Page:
20 Nevada Traffic Laws Every Las Vegas Driver Should Know

For most of us, it’s been many moons since we passed Drivers Training and got that plastic card stating we were capable of operating a vehicle. While the basic laws have pretty much stayed the same, there are a few you may not be as familiar with. Here are 20 to keep you on your toes, and remember keep the hands at ten and two, or is it three and nine?

Nevada traffic laws you may not know

Cell Phones and Texting

1. It is illegal to text, access the Internet, or use a hand-held cell phone while driving.

2. There is a $50 fine for the first offense in seven years, a $100 fine for the second offense, and a $250 fine for the third and all following offenses.

3. Fines may be doubled if the offense takes place in a work zone.

4. Drivers may talk with a hands-free headset and touch the phone to turn it on, off, or to launch a feature on the device while making voice calls.

Move Over Laws

5. After accidents in which only vehicles and/or property are damaged, and no one  is injured, vehicles should be moved somewhere that will not block traffic (as long as this can be done safely).

6. Drivers must report to the DMV all crashes resulting in damages or injuries of $750 or more. If the accident is not investigated by a police officer, every party involved is required to file a report on DMV Form SR-1 within no more than 10 days.

7. Except when directed by an officer, drivers nearing a stopped emergency vehicle with flashing lights must slow to a sensible speed below the posted limit, advance with caution, be ready to stop, and, if possible, shift to a lane away from the one in which the emergency vehicle is located.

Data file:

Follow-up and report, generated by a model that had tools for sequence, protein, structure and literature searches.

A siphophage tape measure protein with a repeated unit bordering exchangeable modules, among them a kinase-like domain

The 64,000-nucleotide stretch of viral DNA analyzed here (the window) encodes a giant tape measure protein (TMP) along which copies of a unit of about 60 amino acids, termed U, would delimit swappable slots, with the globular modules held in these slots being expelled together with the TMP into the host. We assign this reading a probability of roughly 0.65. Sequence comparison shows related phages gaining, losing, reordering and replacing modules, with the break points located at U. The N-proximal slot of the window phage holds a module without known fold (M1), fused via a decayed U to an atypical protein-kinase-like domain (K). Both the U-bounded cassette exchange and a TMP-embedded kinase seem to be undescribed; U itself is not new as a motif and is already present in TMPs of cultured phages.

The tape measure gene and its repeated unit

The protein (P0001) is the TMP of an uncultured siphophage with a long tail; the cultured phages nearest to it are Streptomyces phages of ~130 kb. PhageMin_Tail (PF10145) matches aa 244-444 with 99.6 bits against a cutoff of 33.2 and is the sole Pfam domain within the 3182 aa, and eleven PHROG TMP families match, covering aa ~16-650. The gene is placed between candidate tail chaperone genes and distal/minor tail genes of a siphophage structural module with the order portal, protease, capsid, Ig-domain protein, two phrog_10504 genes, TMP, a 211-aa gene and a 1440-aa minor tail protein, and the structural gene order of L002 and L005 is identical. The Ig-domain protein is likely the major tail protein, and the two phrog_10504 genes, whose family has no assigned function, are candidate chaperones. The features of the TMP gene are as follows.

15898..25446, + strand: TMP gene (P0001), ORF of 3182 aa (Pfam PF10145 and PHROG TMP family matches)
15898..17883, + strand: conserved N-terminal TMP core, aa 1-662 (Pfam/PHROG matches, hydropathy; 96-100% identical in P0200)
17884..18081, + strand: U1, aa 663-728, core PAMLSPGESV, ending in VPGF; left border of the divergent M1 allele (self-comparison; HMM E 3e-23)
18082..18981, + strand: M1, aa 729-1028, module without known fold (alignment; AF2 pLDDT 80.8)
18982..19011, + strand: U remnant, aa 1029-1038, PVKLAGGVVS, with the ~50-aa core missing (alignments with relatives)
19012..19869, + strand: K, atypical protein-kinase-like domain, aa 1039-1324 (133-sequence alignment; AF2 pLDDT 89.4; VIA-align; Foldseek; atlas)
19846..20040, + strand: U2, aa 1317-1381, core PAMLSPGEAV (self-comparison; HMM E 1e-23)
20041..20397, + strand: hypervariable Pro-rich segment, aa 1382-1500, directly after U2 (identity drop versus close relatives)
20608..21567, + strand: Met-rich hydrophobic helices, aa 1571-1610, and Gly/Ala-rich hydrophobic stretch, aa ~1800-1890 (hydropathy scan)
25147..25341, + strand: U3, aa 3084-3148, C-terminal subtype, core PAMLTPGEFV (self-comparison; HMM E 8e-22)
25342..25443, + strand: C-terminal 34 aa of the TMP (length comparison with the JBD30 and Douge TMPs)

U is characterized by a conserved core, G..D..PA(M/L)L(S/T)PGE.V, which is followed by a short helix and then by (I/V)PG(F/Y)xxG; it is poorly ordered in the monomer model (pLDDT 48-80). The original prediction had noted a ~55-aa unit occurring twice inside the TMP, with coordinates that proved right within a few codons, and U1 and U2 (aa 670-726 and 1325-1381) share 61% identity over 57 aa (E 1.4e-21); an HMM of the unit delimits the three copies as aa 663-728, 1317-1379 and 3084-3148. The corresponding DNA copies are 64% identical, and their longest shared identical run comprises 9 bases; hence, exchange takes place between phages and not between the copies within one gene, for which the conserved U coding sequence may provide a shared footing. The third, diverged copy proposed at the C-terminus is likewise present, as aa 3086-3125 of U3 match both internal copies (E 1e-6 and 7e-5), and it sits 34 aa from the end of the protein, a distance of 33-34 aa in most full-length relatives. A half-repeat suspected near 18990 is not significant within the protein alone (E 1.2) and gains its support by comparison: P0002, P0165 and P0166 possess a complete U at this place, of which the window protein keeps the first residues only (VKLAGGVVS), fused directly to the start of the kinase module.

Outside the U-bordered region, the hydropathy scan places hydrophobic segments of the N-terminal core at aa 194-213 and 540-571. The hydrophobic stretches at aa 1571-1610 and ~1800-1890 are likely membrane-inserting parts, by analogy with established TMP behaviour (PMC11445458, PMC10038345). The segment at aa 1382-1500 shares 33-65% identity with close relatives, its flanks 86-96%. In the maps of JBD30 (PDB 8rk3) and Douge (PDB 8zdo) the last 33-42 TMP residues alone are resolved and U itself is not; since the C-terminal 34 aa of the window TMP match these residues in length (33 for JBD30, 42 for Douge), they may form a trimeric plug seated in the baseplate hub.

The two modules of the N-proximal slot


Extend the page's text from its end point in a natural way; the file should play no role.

8. When passing a bicycle, drivers must shift to a neighboring lane to the left, if possible. Otherwise, drivers should maintain at least three feet between the bicycle and the vehicle while passing.

9. Any driver at-fault in a crash with a pedestrian or bicyclist may be charged with reckless driving.

Seat Belts

10. Passengers riding in the front and rear seat must wear safety belts.

11. Passengers age six and under who weigh less than 60 pounds are required to ride in a certified child restraint system.

Children and Pets

12. Children age seven or younger should never be left alone in a vehicle if conditions pose a serious safety and health risk to the child, unless someone age 12 or older is supervising or within sight.

13. During extreme hot or cold temperatures, it is against the law to leave a cat or dog unattended in a vehicle.

14. It is illegal to transport passengers under age 18 in the back of a flatbed or pickup truck, with the exception of parades, slide-in campers, camper shells, and ranching and farming activities.

Teenage Drivers

15. Motorists under age 18 may not carry any passengers under 18 years of age, with the exception of immediate family memebers, for the first six months after obtaining their license.

16. Drivers under age 18 are subject to a curfew. They may not drive between 10:00 p.m. and 5:00 a.m. except when driving to a scheduled work or school event.

Driving Under the Influence

17. Drivers may not refuse to undergo a blood, breath or urine test as instructed by a police officer.

18. Blood samples can be taken involuntarily, even for first offenses.

19. For non-commercial drivers age 21 and over, the legal limit is .08 percent blood alcohol level, or any measurable amount of a controlled substance.

20. For non-commercial drivers under age 21, the legal limit is .02 percent.

Knowing the law is the first step toward staying safe on the road. Keeping these 20 rules in mind will go a long way toward helping you avoid danger and injuries behind the wheel.

 

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